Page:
Why Tölting Across Iceland Is Tölt-ally Worth It

Small but mighty.

Tölting Iceland
PHOTO Nicole Albertson

There is a true gem among the hillside of Iceland, galloping past powerful waterfalls and grazing on surviving vegetation: the epic Icelandic horse. Known for its spirited personality, surefootedness and an amazing head of hair, these four-legged friends are a unique way to explore Iceland’s volcanic countryside and embrace the wide scope of the drastic land.

This small but mighty horse has evolved to adapt to Iceland’s harsh weather and isolation, making it a rarely found breed anywhere else in the world. In fact, Icelandic horses are so isolated that very few diseases exist for those still in their country, and those that do leave are not allowed to return in hopes of containing a healthy population in the country.

Tölting Iceland
PHOTO Nicole Albertson

Many riding centers are available within minutes of Iceland’s capital Reykjavik, and often offer transportation to and from a city hotel. Join in a tour aboard these hair-whipping friends and get a chance to try one or two unique gaits (walk, trot, canter, etc.) that only these little horses can do! Follow your instructor’s lead of course, but get ready for a speedy step when your steed kicks in to the tölt, a four-beat lateral ambling gait, which sounds bumpy but is shockingly smooth. In fact, it has become a customary challenge to hold a glass of champagne (or beer, or whatever soothes your fancy) and see who spills the least while tölting. Their fifth “hidden” gait is the skeið, or “flying pace,” that can racing up to 30mph! But only for a short distance. While it is unlikely you’ll be skeið-ing across volcanic fields, their power and force are undeniable at any speed.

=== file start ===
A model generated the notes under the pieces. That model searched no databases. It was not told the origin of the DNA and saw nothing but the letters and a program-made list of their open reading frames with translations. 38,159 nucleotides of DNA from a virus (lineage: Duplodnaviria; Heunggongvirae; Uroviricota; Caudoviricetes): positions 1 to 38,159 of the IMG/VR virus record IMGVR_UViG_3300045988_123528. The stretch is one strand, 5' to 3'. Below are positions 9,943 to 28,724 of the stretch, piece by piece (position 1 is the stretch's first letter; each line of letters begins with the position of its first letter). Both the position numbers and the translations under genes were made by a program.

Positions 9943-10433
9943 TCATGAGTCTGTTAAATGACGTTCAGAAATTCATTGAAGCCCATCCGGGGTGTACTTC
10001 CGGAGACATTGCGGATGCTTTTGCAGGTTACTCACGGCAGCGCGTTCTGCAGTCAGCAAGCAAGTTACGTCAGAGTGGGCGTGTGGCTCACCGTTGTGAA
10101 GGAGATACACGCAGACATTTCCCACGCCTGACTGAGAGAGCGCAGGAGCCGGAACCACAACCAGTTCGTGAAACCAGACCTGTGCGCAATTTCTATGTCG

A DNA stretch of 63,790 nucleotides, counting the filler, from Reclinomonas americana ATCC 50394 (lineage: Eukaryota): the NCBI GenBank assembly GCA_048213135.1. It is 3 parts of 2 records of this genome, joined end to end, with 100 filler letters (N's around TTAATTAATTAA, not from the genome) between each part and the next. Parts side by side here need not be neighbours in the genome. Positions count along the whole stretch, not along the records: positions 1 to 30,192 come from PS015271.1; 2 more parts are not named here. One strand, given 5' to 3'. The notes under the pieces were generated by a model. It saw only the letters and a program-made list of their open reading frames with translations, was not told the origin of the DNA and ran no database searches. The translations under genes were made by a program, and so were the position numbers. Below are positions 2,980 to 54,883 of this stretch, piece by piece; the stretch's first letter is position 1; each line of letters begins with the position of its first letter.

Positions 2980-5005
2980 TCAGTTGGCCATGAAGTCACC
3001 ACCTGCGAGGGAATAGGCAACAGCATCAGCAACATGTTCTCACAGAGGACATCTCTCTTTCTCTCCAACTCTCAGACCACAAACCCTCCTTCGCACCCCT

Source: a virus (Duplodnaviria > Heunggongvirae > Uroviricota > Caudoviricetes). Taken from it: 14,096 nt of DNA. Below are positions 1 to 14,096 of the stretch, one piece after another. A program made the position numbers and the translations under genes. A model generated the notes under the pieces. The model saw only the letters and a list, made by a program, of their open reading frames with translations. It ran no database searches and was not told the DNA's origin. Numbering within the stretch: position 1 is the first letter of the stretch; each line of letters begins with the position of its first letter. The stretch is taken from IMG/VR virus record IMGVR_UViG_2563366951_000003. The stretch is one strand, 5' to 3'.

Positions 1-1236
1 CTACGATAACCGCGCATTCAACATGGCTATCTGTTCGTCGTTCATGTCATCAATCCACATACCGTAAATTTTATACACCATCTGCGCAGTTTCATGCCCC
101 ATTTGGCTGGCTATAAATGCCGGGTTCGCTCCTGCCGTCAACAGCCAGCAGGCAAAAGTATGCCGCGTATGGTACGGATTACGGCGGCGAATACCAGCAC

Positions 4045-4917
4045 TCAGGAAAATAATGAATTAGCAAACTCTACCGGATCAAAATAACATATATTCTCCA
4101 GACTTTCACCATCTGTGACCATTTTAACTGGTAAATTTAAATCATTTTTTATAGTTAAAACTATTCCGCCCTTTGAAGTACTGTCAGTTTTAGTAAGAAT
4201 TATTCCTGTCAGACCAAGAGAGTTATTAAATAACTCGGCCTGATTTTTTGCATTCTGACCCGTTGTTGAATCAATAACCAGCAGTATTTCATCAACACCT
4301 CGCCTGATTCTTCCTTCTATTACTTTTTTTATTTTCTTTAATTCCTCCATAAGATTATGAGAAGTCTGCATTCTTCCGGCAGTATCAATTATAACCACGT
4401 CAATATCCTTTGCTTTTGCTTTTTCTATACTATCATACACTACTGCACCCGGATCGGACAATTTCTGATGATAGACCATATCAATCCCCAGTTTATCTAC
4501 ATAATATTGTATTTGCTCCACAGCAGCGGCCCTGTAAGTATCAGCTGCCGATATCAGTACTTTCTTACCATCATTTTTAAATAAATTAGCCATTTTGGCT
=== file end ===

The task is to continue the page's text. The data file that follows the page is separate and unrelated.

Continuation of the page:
Tölting Iceland
PHOTO Nicole Albertson

Mount up for a quick ride or opt in to a multi-day quest Game Of Thrones-style by selecting a duel activity tour to combine riding with watching wales or puffins, caving, snorkeling, a spa experience or touring the golden circle.

Take this chance to join the herd of Icelandic horsemen! It’s tölt-ally worth it.

Here’s a few tour providers to check out: Islenski HesturinnIshestarLaxnes Horse Farm.

Nicole was in Iceland for 10 days in 2016. 

Nicole Albertson


Nicole is based in San Francisco and she has amazing recommendations for Argentina, Peru, Colombia, Iceland, and New Zealand.

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